SDF funding opportunities encourage project collaboration, and Laurie knew that Lumbercycle could collaborate with the Resource Conservation District (RCD), who manages Wild Willow Farm, to elevate the educational experience at the farm and encourage new visitors.

Wild Willow Farm didn’t have much in the way of signage around the property, nor trails and pathways for visitors to follow, making self-guided tours a challenge.

“We had a very strong set of partners that represented different strengths,” Laurie emphasized, citing Lumbercycle’s partnership with Mongol Tribe, a grassroots environmental organization focused on regenerative agriculture, and RCD’s partnership with Chula Vista High School’s “Social Justice and Food” course. These groups collaborated to bring their collective vision for a more accessible, educational experience at Wild Willow Farm to fruition.

“I had originally thought of this project as giving the farm a facelift, but it wasn’t really giving the farm a facelift – it was giving the farm a face,” Laurie reflected.

Lumbercycle directional signage

Signs of Growth

Chula Vista High School students were tasked with researching the different flora and fauna around the farm and developing language for signage, including scannable QR codes with links for visitors to learn more. Lumbercycle engaged their wood repurposing practices to develop physical signs that follow the brand-new trails installed with major assistance from Mongol Tribe to make navigating the farm easier for the general public.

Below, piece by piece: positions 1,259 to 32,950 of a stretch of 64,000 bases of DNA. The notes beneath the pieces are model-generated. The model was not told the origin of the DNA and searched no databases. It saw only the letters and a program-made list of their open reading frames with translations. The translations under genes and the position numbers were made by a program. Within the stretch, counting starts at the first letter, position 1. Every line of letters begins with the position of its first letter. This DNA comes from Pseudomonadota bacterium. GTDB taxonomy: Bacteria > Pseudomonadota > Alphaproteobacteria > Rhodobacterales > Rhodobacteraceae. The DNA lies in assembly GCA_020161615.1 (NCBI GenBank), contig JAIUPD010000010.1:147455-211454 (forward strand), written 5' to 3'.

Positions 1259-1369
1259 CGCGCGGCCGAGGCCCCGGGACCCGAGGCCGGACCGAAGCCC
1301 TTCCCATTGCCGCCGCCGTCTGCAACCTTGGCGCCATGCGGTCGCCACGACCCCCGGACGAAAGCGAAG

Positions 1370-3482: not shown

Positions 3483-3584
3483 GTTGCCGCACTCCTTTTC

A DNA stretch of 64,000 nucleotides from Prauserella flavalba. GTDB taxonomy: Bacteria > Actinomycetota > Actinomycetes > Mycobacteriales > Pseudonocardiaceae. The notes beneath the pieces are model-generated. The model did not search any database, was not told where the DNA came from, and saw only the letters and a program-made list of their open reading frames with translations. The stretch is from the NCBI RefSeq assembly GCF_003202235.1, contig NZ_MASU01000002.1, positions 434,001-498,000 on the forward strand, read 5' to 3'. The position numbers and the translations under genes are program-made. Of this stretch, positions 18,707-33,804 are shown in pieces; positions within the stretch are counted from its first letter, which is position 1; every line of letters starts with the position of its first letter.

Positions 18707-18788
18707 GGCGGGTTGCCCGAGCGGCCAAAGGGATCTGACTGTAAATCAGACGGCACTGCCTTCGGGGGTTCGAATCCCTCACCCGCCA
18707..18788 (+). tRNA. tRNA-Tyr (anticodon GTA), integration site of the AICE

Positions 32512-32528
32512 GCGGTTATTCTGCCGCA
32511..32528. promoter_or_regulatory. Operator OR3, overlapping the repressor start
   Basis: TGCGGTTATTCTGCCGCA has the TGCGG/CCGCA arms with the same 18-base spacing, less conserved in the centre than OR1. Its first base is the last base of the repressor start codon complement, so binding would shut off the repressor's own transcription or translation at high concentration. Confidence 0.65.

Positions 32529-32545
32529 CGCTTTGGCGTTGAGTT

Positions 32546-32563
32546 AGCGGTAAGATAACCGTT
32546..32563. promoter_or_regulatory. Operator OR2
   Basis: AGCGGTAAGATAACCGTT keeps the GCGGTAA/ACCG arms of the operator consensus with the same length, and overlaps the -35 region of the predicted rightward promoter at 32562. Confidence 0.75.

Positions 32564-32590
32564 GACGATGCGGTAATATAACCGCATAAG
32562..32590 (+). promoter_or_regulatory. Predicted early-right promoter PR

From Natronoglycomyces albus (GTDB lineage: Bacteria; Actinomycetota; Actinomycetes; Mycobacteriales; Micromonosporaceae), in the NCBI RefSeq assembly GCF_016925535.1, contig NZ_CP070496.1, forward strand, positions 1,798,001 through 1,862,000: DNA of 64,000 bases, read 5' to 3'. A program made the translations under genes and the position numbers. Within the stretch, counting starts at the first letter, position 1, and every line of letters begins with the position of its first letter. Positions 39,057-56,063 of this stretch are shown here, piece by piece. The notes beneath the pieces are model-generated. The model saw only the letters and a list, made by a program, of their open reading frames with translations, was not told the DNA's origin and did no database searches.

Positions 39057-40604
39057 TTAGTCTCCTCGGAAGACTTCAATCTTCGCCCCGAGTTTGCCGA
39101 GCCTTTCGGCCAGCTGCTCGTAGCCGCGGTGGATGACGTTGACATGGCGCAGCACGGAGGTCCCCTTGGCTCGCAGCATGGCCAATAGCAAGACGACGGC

Due to the COVID-19 pandemic, students had to work on the signage virtually. To celebrate the success of the project, Lumbercycle and Wild Willow Farm hosted an event in April where students planted fruit trees and saw the signs they developed. 

After the tree planting and lunch featuring fresh produce from the farm, students sprinted down the paths to see the results of their work.

“It’s almost like Disneyland when they can get out into an open space with clean air – everything about it is wonderful,” Laurie emphasized. She recalled one student that was particularly enthusiastic saying to herself, “this is the most amazing thing ever!”